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City Centre Populations Have Surged by up to 181% Since 2002

Young professionals have driven new migration back into the UK’s cities

Liverpool City Centre Population Growth

UK city centres have seen their populations grow by as much as 181% in the last 20 years, as a change in homeownership attitudes drives individuals back to living in the cities.

Research from Centre for Cities and published by the BBC, has revealed that the growing desire for highly-paid and highly-skilled job roles, as well as the desire to be close to amenities, has made city living the number one choice for many.

Motivated predominantly by single young professionals prioritising the prestige and salary behind their job roles, the research found that the creation of job roles in city centres has created a market for the formation of gyms, restaurants, bars and shops, luring people back from the suburbs.

Comparing population data from 2002 and 2015, the research found that Liverpool has been home to the most significant rate of increase, with the population of the city swelling by 181% from 9,100 to 25,600 over the period.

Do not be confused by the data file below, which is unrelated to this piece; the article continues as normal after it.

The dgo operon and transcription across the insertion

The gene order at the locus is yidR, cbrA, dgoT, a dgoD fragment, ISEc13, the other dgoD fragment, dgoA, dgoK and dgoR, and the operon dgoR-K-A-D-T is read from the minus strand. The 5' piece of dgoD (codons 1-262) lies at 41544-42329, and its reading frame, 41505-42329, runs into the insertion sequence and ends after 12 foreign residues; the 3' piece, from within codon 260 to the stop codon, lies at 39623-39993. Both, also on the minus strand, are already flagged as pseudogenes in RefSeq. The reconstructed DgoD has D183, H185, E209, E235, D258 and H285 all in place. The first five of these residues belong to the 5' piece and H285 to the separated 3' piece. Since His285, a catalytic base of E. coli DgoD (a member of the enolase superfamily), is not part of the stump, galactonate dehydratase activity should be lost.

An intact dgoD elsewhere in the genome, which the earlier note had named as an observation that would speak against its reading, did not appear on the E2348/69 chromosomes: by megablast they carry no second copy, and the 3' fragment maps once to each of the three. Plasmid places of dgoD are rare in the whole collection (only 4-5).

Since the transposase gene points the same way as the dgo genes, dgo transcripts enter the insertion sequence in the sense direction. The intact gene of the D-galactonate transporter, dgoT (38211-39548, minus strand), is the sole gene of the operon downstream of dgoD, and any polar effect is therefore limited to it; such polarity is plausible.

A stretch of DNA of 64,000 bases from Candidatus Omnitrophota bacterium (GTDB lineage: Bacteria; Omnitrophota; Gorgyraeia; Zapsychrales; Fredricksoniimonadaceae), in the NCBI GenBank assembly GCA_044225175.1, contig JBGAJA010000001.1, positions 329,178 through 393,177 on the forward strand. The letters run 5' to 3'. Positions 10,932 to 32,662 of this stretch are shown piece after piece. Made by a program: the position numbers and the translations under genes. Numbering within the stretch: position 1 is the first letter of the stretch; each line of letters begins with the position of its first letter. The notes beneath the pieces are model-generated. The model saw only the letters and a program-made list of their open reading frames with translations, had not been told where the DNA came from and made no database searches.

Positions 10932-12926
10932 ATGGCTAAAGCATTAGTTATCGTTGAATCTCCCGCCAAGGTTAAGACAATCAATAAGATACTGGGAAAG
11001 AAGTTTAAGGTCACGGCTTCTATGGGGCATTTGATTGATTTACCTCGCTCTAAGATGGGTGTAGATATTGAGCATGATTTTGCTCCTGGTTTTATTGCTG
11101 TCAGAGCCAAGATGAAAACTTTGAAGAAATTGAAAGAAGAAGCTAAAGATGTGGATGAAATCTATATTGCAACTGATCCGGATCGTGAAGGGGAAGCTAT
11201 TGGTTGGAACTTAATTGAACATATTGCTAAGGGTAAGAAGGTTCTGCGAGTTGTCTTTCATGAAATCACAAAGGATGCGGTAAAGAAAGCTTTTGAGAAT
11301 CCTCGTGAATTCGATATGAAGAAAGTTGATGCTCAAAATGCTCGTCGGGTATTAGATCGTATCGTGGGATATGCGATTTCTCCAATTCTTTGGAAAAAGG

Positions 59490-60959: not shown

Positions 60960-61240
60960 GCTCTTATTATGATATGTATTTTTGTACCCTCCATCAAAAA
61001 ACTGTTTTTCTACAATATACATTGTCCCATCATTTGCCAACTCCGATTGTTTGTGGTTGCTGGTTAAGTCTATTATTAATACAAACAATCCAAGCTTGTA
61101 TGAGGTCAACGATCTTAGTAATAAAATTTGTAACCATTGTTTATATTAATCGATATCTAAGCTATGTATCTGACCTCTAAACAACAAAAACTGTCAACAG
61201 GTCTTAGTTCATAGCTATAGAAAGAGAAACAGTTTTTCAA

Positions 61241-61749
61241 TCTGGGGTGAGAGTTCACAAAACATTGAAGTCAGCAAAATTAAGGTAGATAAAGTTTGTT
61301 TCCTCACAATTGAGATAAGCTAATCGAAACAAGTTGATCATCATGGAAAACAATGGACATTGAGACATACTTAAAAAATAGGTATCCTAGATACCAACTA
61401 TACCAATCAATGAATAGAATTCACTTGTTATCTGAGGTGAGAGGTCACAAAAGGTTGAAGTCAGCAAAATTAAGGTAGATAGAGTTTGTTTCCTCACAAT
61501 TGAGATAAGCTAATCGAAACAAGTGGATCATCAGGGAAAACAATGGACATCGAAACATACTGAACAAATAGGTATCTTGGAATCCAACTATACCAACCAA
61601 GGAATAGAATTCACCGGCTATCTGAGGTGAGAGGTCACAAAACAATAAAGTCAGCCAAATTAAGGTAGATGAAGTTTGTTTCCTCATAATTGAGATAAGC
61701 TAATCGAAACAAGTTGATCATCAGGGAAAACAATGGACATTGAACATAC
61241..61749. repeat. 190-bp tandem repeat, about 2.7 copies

The city was followed by Birmingham, where the population increased by 163%, and then Leeds, the surge in those living in the city was 150%.

Rounding out the top five cities were Manchester, which saw an increase of 149%, and Bradford, where resident numbers rose by 146%.

London was home to the largest volume of new residents, with 58,500 electing to move into the city. However, this only amounted to an increase of 22%.

‘Only 30 years ago inner-city populations that had grown rapidly in the late 19th and early 20th Centuries had dwindled – the residents leaving cramped, urban housing for more spacious suburbs and new towns,’ said Paul Swinney and Andrew Carter, from the Centre for Cities.

‘The reversal that has taken place – especially in the north of England and the Midlands – demonstrates a dramatic urban renaissance and a shift in how people want to live,’ they continued.

Last month, the British Property Foundation (BPF) highlighted the demand for rental properties in regional cities, as construction of Build-to-Rent developments in these areas continued to outpace London.

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